To make animals comfortable on a movie set, the first step is to imagine as much as possible what the new environment will be like. However, each day on each set is different. Anja reports that the environments her animal partners have and will encounter include a studio, the busy city, the woods at night, a mountain-gondola, [always] a large number of strangers, glaring light, loud noise, strange smells, crazy costumes, hectic set changes, and so much more! Anja’s goals for her movie animals are “a bomb-proof temperament and a strong positive reinforcement history in multiple environments.”
Offering more peeks behind the scenes of movies “starring” trained animals, Anja emphasizes that the animals always work with strangers. “A movie animal not only works with me, the trainer, but needs to be able to work happily and reliably with others. Some takes require work with two or more trainers. And then there are the actors (singly or in large groups)—tall, small, young, old, plump, nimble, kids, men, women, with beards, with helmets, with hats, etc.” With each and every one of them, the animal must work readily and without hesitation. Anja relies on clicker training to build a powerful reinforcement history with ever-changing human actors.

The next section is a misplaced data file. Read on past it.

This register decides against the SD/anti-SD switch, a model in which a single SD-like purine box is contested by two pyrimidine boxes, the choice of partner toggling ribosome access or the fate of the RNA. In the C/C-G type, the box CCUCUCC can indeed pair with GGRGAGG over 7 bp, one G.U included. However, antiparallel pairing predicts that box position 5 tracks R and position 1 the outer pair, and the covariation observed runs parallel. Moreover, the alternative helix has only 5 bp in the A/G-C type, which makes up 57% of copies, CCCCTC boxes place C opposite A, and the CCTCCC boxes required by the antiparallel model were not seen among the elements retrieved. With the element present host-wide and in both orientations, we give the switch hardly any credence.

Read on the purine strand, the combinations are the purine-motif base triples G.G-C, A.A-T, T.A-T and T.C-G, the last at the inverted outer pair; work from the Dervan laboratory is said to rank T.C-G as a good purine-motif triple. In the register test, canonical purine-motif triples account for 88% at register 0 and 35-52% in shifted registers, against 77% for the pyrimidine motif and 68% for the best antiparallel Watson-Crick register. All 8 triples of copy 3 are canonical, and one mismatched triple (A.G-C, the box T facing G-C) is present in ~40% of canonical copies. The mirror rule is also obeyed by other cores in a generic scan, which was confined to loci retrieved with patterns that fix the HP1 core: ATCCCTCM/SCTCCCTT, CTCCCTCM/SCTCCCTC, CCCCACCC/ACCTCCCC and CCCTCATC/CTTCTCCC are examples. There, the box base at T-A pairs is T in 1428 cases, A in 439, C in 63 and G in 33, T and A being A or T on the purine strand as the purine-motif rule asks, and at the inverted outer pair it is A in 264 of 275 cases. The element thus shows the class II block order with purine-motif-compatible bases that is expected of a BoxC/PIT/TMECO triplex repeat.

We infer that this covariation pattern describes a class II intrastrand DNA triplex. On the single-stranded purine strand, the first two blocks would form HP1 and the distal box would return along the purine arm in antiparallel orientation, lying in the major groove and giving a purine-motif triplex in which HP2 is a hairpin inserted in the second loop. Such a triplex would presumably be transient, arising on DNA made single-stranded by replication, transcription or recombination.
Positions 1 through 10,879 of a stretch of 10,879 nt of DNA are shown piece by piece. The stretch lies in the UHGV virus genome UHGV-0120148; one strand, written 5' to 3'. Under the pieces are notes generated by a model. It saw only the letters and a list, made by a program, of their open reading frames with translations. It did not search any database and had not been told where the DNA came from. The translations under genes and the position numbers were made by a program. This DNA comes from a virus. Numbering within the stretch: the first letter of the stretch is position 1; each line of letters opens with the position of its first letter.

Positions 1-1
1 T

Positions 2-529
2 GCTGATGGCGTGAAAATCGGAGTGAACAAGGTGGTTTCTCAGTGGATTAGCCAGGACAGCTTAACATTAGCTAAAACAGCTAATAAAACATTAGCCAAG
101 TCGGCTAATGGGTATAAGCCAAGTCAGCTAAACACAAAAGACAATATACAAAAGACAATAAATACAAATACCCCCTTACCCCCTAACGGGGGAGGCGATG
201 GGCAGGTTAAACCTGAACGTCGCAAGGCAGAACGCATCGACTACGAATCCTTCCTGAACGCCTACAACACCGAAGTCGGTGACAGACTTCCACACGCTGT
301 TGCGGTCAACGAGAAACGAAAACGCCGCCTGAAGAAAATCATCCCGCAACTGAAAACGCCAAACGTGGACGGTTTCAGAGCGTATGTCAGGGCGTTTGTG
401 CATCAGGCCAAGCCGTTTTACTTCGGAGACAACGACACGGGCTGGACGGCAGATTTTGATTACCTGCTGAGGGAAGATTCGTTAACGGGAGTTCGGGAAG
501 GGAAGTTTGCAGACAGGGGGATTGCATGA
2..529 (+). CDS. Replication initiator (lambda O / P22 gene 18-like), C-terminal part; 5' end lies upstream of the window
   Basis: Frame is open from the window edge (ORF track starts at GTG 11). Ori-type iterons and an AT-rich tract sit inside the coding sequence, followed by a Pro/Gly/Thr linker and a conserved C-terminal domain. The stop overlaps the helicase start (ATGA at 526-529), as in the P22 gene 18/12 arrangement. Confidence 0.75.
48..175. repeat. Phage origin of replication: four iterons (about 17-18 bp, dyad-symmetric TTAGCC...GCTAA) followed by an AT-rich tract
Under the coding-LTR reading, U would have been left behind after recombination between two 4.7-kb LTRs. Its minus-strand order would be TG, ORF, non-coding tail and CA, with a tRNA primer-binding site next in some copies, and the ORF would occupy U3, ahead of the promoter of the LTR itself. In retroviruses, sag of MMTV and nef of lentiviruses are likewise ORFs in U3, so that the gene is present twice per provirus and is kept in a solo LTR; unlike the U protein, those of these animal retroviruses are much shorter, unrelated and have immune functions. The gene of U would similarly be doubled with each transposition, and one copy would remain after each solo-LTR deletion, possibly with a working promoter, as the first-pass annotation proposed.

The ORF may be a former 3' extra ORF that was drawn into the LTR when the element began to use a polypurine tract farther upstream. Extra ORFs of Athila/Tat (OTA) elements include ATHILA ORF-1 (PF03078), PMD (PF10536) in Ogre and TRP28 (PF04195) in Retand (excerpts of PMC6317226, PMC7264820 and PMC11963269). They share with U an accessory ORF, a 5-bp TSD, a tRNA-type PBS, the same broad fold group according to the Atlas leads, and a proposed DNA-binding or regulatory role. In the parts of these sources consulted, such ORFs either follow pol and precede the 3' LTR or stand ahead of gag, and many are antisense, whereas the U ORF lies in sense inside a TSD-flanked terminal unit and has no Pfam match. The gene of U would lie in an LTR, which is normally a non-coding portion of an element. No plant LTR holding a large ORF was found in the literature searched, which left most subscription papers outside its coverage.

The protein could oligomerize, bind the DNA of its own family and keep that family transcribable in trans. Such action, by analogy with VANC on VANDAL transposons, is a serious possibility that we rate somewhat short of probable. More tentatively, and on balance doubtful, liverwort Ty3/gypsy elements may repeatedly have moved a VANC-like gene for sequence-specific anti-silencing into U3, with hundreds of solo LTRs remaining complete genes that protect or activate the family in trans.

Anja relies on clicker training to build a powerful reinforcement history with ever-changing human actors.
A movie animal masters a lot of tricks, but that is not all! “The challenge is to have great stimulus control in huge distraction, over long distance and duration.” For example, Anja may need to stand far away, or remain positioned somewhere the animal cannot see her. In other takes, the sound of the scene is recorded, so she cannot talk to the animal. “Each behavior must have a verbal cue and a visual cue, and both need to be trained to great stimulus control. Plus, the animal needs to be able to respond to cues even without eye contact,” according to Anja.
Anja asserts that clicker training is fabulous for training behaviors to great fluency. “Working and training on set is full of surprises. Requirements, as well as the director’s wishes, can change instantly!” Often, Anja uses the clicker to train a new behavior on set. "Lucky for us, our clicker trained animals are up for the challenge!"
Another bonus of Anja’s movie animal work is the opportunity to train many species. “I love working and, let’s be honest, playing with all kinds of animals. Dogs, cats, chicken, doves, goats, sheep, pigs, mice, rats, a tortoise—and that’s just last week’s roll call!” As part of her successful training plans, Anja always learns about the animal’s lifestyle, language, and preferences. “I especially love working with birds—chickens or birds of prey. When your training partner flies off, that is a fascinating and humbling training experience,” laughs Anja. At that point Anja rearranges the training set up, re-evaluates the reinforcers, and starts keeping track of the rate of reinforcement.
Anja employs positive reinforcement philosophy outside of training classes and movie studios, too.